I just got around to reading a post at ZeroHedge that republishes and article that first appeared at The Mises Institute. I don't normally follow Libertarian sites, but I do try to keep an open mind. I've read various Libertarian authors--Hayek in particular--and freely acknowledge that I agree with much of what he has to say. It's simply that I disagree with Libertarianism as a global explanatory theory, or theory of everything.
Anyway, the piece has a title that's sure to attract the interest of people like me:
As usual, you don't need to agree with everything the author says to derive some benefit from the article. The subject is Oligarchs, the ueber wealthy, the kind of people who turn up when the conversation turns to the Global Elite, the Great Reset, the ruling elite. You can get a pretty good idea of who these people are by looking at lists of donors to either major political party, or simply following the news to see who are the most influential people in the world. Of course, some fly under the radar, but for government work--so to speak--for the rough idea that forms the basis of the article, that will suffice.
What I'm reproducing here is the middle section of the article, which is what I found most insightful. No doubt many will find this old news, but the point is that the author expresses these insights well, in a readily digestible way. Obviously these insights can be extended greatly:
Bolsheviks and Billionaires
Although the Left has changed in its overall strategy, going from class-reductionist conflicts toward an identity politics focus over the course of the past century, there exist several commonalities between the contemporary left and its past iterations. Foremost of these is its elitist origins.
In his polemical work, Wall Street and the Bolshevik Revolution, economic historian Antony Sutton uncovered the oligarchical backing of Bolshevism—the twentieth century’s most destructive political movement in terms of the body count and economic mayhem it unleashed in countries that embraced its precepts.
Contrary to the mythology that leftist historians have created, Bolshevism was no spontaneous uprising of workers, but rather a movement of elite aspirants. Lenin himself counted on a law degree and worked as a writer and political activist during his time in exile while living in Switzerland, Germany and the United Kingdom. Similar to Karl Marx, who relied on industrialist Friedrich Engels’s lavish patronage to subsidize his daily activities, prominent financiers such as Swedish banker Olof Aschberg helped bankroll Lenin and his revolutionary compatriots, Sutton’s work revealed.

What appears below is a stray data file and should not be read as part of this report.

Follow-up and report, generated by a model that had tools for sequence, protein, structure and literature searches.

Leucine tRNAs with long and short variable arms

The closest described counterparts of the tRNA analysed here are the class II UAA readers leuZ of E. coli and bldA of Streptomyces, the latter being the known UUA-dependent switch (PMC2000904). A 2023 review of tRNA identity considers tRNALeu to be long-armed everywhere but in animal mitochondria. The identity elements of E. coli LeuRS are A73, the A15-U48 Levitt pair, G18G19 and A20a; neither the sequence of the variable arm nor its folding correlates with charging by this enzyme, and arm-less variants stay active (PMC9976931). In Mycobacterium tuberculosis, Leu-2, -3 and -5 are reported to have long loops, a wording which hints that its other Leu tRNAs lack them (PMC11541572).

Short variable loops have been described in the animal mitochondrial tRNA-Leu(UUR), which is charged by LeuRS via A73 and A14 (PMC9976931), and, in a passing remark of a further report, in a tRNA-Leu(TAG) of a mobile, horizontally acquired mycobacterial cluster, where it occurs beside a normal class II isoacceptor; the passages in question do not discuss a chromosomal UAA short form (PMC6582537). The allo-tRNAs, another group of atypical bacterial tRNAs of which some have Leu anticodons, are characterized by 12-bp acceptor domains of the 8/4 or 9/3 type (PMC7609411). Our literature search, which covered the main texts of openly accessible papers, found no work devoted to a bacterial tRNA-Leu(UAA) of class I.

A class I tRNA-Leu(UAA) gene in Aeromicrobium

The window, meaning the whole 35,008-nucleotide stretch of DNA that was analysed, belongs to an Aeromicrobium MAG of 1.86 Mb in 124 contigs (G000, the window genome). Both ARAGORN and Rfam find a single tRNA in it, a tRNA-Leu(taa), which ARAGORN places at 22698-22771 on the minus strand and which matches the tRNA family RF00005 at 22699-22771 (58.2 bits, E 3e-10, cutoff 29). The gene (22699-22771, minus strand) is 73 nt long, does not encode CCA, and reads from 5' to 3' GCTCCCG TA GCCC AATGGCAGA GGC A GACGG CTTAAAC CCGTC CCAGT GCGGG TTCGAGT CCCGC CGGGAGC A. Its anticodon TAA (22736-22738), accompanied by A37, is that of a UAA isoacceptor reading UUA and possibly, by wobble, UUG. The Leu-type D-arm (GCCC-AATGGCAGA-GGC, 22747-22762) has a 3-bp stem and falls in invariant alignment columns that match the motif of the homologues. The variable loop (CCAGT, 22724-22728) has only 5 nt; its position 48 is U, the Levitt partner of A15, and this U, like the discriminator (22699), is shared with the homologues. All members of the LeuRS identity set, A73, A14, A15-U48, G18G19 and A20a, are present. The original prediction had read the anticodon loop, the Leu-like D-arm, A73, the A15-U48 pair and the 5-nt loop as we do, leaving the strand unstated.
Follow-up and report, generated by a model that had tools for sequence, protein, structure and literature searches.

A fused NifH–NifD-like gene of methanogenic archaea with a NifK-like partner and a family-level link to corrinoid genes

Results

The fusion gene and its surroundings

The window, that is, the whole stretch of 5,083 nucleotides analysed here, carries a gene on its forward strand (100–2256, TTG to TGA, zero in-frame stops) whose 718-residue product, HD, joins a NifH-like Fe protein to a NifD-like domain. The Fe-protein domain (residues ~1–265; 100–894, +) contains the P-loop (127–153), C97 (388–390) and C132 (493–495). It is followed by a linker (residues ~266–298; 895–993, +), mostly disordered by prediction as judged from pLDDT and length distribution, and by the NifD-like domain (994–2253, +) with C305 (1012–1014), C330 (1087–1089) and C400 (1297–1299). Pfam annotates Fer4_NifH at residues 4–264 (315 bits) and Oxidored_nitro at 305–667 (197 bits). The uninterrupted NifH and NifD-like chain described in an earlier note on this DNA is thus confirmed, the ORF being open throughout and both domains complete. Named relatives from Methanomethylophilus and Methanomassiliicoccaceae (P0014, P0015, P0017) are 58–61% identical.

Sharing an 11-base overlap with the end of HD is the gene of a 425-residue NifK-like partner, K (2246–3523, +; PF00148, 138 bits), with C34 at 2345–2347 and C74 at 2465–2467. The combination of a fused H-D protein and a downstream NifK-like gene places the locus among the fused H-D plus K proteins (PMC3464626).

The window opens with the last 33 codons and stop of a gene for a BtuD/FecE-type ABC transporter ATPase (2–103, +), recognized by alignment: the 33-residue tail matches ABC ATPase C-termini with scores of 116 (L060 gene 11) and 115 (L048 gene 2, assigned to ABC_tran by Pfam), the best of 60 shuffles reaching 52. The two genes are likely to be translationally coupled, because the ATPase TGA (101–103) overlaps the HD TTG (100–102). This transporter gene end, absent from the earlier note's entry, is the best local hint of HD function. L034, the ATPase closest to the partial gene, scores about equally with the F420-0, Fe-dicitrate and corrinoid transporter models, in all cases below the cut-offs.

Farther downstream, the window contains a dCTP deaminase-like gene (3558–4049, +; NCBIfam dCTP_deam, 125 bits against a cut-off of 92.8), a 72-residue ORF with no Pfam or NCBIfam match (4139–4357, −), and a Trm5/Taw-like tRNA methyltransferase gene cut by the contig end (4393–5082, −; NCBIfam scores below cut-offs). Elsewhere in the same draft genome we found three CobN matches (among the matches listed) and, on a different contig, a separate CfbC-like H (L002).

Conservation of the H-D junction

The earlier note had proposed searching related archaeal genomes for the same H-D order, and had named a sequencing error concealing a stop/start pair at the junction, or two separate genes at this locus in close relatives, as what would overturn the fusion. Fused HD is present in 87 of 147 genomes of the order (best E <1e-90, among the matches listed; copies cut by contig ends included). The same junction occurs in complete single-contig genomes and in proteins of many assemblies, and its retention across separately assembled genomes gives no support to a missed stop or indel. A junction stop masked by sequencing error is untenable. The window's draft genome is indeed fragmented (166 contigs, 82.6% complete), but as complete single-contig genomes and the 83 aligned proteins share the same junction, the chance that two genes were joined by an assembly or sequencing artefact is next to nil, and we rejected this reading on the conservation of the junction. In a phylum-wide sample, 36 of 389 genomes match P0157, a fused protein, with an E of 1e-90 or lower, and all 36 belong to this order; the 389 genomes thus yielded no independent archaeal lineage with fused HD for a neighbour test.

It’s perhaps counterintuitive for financial heavyweights to throw their weight behind an individual and a movement advocating for the destruction of private property, but it makes sense when analyzing how rent-seeking economic actors behave in the context of state centralization.
The inherently centralist nature of socialist systems, even when policymakers make deviations around the margins, as seen with Lenin’s New Economic Policy, remains attractive to unscrupulous financial actors, who seek to exploit these features for the sake of easy profits while not facing any serious competition. Sutton observed how economic radicals and big financial interests can become strange bedfellows:
Bolshevists and bankers have then this significant common ground—internationalism. Revolution and international finance are not at all inconsistent if the result of revolution is to establish more centralized authority. International finance prefers to deal with central governments. The last thing the banking community wants is laissez-faire economy and decentralized power because these would disperse power.
Likewise, Ludwig von Mises acknowledged in Omnipotent Government how the salt of the earth are not the ones responsible for making collectivist political movements mainstream:
It is not true that the dangers to the maintenance of peace, democracy, freedom, and capitalism are a result of a “revolt of the masses.” They are an achievement of scholars and intellectuals, of sons of the well-to-do, of writers and artists pampered by the best society. In every country of the world dynasties and aristocrats have worked with the socialists and interventionists against freedom.
I see that I've bolded or highlighted virtually the entire section.